Fuego_test_results_determination 

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Fuego test results determination

Sometimes a test may fail for reasons that are hard to determine.

This page describes how Jenkins launches the shell script to execute fuego, and why you might see unexpected failures.

Result [edit section]

When Jenkins executes a Free-style job (such as Fuego jobs), it runs the sequence of commands in the test's "Execute shell, Command" section.

Often, this is a single line that sources the script for the test from $FUEGO_CORE/engine/tests/$TESTDIR/$TESTNAME.sh

Jenkins executes the sequence of commands by calling the shell with "/bin/sh -xe". The -x will cause the shell to print each command as it is executed (prefixing nested function calls with multiple '+'s to show the call depth. The -e will cause the shell to immediately when any command fails (that is, when any command exits with a non-zero exit code).

Most fuego test scripts are structured to define test functions for the different test phases, and then source the fuego shell routines for that that style of test. That is, the last line of a functional test script is usually ". $FUEGO_CORE/engine/scripts/functional.sh"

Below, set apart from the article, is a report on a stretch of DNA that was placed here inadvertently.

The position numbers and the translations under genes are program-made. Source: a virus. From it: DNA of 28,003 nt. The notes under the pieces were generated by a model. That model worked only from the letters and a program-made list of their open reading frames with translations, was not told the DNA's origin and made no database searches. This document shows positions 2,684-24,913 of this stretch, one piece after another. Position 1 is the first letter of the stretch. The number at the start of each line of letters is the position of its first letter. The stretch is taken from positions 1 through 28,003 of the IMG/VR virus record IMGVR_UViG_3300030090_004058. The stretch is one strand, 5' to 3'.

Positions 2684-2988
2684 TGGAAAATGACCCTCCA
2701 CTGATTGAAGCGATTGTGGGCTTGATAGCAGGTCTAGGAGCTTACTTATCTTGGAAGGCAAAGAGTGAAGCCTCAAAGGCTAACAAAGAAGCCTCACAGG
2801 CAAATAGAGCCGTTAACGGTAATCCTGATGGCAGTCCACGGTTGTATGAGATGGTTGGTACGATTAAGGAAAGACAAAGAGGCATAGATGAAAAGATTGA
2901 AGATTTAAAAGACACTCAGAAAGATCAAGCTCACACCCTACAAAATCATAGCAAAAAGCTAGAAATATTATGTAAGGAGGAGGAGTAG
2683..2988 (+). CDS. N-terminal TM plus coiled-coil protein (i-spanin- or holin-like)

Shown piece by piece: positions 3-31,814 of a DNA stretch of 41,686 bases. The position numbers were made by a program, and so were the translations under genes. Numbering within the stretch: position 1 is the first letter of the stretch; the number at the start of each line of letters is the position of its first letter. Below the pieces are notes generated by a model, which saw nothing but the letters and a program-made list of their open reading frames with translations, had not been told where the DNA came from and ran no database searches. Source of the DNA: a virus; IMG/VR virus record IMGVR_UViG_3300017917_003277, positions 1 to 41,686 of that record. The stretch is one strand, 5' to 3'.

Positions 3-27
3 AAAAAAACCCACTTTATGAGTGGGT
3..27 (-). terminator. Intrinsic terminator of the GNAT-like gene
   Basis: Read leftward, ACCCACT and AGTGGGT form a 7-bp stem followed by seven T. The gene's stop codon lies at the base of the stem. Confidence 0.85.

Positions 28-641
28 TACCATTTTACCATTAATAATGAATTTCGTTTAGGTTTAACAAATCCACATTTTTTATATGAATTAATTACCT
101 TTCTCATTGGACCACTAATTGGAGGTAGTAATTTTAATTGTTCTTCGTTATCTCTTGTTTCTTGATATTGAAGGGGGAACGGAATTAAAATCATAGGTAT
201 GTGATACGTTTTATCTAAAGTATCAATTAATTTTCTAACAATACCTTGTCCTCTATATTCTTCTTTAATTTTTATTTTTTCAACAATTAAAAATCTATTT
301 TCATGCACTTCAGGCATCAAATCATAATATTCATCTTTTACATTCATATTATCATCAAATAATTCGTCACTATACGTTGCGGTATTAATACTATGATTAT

The last function called during test processing is test_processing(), which is defined in the test script, and for functional tests usually consists of one or more calls to log_compare.

It is the exit code from this last function that is the exit code for the entire script, and which results in the success or failure (as noted by Jenkins) of the entire test.

Allowing sub-step failures [edit section]

Sometimes there are operations that a test script performs that don't matter for the results of the test. For example, there might be some check or cleanup operation that is unrelated to the actual test being performed.

You can allow some of the steps in the test script to fail, and avoid erroring out the whole test, by using "set +e" in your test script.

Put "set +e" before any operations whose results are not important for the outcome of the test. You should put "set -e" after such operations.

Additional information [edit section]

See this question on StackOverflow for more information and ideas about this: http://stackoverflow.com/questions/22814559/how-when-does-execute-shell-mark-a-build-as-failure-in-jenkins

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